However, on the other side of the coin, as soon as the mind starts to create and perceive divisions in Nature (e.g. things or events), cause and effect immediately becomes a reality.

In other words:

No things = no cause and effect = beginninglessness and endlessness.
Things = cause and effect = beginnings and ends.

Would you agree with that?
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Re: Why causality is an illusion

Postby Diebert van Rhijn » Fri Sep 07, 2012 9:59 am

fraez wrote:According to science, everything boils down to probability and randomness, which is by definition without rational cause.


Science does not make any such claim. What made you think that? Probability and randomness are just descriptions of processes that do have causes. Like the decay of some atomic quantity, no matter how random it appears as, its causes can still be described theoretically at least in a statistical and physical sense.

The meter itself is defined using the speed of light--an immediately recursive exercise that highlights just how inadequate our perceptions and thinking truly are.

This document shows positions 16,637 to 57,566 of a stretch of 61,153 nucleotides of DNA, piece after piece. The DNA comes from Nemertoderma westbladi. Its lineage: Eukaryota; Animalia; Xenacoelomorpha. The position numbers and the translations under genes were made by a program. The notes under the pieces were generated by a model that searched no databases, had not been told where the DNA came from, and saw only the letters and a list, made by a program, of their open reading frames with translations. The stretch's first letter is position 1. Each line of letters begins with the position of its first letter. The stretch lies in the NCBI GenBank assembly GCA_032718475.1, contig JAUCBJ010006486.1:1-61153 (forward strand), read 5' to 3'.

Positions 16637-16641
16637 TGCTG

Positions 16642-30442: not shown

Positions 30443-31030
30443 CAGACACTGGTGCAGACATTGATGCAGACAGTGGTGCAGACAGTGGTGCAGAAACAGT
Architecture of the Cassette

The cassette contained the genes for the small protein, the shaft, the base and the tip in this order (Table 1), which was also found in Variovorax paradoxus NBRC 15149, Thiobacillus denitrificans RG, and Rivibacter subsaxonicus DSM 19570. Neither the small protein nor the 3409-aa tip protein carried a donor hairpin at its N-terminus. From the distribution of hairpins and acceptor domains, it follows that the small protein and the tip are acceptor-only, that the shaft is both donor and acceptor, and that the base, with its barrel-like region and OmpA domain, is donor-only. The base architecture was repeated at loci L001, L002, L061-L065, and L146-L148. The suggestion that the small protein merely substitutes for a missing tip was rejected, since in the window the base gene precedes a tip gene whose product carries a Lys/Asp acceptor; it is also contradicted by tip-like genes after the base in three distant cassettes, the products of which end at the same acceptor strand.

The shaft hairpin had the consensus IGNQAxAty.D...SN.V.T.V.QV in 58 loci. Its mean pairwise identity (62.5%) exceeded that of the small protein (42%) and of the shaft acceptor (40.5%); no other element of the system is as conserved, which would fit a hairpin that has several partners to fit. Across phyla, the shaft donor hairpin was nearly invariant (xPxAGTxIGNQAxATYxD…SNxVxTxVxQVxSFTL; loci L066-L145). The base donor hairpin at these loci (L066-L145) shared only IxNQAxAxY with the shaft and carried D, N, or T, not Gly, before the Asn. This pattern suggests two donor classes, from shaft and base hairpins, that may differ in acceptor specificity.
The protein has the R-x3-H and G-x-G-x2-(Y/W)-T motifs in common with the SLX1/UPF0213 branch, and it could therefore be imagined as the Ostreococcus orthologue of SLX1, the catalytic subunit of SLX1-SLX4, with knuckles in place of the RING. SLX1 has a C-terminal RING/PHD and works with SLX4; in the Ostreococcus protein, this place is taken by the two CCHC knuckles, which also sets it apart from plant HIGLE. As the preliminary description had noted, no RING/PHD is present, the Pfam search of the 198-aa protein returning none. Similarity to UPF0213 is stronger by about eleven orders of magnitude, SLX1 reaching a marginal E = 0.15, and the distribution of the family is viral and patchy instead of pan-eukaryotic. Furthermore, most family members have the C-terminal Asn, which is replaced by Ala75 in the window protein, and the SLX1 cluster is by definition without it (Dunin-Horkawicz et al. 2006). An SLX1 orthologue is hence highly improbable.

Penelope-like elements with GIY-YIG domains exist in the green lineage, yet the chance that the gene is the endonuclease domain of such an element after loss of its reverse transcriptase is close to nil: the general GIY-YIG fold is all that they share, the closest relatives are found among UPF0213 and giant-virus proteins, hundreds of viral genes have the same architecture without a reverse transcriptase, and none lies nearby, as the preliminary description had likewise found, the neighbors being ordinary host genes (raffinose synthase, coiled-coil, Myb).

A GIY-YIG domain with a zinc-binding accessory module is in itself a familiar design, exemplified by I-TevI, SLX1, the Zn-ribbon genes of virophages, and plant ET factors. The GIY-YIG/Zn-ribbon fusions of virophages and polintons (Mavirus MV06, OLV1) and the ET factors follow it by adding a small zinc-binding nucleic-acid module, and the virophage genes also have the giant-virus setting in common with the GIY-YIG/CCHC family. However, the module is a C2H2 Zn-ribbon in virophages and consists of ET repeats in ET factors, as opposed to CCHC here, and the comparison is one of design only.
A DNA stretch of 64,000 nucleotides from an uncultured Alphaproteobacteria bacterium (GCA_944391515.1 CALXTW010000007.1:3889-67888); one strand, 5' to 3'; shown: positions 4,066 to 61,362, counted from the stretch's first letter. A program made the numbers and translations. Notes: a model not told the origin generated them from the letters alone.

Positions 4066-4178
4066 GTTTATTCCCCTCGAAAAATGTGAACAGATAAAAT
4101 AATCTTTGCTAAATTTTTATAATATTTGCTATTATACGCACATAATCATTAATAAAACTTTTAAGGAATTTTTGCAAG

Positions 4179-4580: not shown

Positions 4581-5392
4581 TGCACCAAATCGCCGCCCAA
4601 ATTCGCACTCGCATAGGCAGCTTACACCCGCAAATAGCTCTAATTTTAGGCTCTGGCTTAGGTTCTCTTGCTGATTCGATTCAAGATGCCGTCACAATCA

Wavelength is an optical measurement. The number of the speed of light is not needed here? Anyway, before light was used, other observations defined the meter, like a pendulum swing. But the current definition is easier to reproduce with less variation and higher accuracy which is handy for laboratory work around the globe.

This is most apparent when trying to apply numbers to the real world. .... Because we haven't described anything -real-.

If we define two apples to equal one apple plus another one, then this is how we have defined it. Do we really have to know how much it "really" is? Isn't this very contextual? And yet numbers help us to get a sense of proportion. Perhaps the more exact we desire it to be, the less connected to the world it becomes. It's like trying to "catch" the object but the more it's attempted, the further away the object (reality) "escapes" us? Mathematics confirms itself naturally.